Mothers who talk to their teenage children in a “controlling tone of voice” are more likely to start an argument than get a positive response, according to researchers.
The Cardiff University study examined the responses of 14 and 15-year-olds to instructions given to them in different ways of speaking.
It showed that mothers wanting to persuade teenagers to co-operate got better results when they sounded “supportive” rather than when they applied pressure.
The researchers said that in terms of young people’s behaviour there has been little evidence about the impact of “tone of voice”, rather than the words or actions of parents.
The study used classic set-piece family arguments – such as trying to get a teenager to do their homework or to get ready for school in the morning.
In the experiment, more than 1,000 youngsters, aged 14 and 15, were subjected to the same instructions delivered in different styles.
The research, published in the journal Developmental Psychology, used recordings of mothers but did not examine whether there would be similar reactions to fathers.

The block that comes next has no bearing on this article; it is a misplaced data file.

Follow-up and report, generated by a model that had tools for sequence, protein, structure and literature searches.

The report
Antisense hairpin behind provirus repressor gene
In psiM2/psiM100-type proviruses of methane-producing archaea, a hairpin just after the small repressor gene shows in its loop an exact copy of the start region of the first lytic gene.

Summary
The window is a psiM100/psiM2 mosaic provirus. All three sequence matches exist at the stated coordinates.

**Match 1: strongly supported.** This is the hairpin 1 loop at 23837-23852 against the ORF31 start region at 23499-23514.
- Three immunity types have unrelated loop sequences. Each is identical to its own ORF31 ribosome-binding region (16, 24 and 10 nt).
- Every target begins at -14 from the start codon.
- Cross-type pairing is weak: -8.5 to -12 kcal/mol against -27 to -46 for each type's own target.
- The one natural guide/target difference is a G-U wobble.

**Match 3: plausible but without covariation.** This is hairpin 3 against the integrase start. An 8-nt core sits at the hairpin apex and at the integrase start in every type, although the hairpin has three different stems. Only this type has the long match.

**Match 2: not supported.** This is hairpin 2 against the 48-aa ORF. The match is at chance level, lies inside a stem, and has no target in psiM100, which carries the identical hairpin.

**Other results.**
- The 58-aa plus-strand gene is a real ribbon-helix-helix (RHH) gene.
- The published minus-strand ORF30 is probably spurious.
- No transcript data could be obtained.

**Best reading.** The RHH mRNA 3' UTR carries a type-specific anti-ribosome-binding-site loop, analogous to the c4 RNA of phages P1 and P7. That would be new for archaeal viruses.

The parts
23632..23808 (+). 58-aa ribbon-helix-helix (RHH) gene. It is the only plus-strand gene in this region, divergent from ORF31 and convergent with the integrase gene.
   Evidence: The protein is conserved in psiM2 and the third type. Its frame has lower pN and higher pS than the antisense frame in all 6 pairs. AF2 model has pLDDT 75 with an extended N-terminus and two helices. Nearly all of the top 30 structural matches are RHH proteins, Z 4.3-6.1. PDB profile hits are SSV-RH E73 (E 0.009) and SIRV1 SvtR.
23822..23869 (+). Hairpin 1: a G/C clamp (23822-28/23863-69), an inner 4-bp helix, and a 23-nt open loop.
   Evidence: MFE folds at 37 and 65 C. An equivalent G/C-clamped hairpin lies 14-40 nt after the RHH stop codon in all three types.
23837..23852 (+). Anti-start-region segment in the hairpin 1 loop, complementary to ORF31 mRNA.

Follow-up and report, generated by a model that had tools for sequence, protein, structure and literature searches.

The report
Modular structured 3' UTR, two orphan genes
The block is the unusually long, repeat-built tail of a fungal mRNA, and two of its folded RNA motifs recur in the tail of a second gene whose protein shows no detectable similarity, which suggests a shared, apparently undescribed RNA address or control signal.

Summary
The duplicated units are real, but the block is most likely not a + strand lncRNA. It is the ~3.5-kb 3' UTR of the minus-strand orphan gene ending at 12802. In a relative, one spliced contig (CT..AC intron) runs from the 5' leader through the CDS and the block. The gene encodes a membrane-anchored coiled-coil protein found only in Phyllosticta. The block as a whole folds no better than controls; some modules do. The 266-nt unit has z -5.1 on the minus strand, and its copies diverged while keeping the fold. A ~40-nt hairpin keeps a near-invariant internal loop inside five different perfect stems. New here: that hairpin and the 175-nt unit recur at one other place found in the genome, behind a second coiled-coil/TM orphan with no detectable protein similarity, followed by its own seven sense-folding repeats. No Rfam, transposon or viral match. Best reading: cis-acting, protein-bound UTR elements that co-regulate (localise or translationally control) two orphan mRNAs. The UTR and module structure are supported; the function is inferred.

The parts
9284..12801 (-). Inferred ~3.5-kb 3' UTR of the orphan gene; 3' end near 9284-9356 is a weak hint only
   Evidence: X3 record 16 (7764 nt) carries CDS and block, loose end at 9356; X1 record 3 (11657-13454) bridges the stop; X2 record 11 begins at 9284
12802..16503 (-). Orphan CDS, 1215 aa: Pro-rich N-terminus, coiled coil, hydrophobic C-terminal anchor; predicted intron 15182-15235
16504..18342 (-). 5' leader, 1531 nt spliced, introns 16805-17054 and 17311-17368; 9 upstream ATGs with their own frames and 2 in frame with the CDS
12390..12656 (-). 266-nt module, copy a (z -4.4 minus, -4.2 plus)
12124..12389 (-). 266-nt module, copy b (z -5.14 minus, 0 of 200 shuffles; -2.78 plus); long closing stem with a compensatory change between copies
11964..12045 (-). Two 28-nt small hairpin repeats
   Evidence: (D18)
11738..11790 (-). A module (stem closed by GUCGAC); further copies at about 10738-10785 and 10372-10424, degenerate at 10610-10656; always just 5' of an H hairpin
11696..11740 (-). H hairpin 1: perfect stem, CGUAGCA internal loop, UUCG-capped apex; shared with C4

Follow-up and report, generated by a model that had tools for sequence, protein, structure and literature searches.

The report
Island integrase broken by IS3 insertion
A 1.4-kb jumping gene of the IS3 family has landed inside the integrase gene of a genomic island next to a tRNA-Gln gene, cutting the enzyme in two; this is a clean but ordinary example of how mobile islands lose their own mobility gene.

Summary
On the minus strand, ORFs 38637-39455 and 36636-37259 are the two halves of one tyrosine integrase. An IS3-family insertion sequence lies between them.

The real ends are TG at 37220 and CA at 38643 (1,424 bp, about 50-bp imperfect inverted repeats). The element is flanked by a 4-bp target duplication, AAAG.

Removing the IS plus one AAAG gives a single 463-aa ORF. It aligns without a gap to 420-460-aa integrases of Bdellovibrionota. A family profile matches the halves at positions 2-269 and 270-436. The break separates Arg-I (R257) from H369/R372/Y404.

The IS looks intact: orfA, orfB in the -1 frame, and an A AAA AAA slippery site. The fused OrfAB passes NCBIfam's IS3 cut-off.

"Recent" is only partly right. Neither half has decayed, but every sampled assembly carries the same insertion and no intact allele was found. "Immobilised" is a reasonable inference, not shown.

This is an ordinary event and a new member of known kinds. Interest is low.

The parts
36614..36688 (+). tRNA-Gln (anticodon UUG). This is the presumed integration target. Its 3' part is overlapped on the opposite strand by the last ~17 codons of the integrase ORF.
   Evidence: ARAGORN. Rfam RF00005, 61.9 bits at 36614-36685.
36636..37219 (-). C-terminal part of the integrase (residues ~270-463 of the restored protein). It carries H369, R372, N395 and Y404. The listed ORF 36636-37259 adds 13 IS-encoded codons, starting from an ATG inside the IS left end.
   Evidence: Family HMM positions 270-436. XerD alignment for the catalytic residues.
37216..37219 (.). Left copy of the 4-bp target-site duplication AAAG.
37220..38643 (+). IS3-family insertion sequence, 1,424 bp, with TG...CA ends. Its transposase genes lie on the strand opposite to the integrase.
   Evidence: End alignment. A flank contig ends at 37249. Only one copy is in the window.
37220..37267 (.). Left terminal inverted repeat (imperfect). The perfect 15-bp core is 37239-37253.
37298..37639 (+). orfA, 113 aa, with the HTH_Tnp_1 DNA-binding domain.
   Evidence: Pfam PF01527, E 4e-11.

It found that mothers using a “controlling” voice that tried to pressurise a teenager had a counter-productive effect, raising the youngsters’ hackles and creating a negative response.
A “neutral” voice generated a broadly neutral reaction, neither motivating nor making teenagers more defensive.
But a warmer more “supportive” voice, that tried to cajole and encourage rather than confront, was the most successful way of getting teenagers to carry out the request.
“If parents want conversations with their teens to have the most benefit, it’s important to remember to use supportive tones of voice,” said report author Netta Weinstein.
“It’s easy for parents to forget, especially if they are feeling stressed, tired, or pressured themselves.”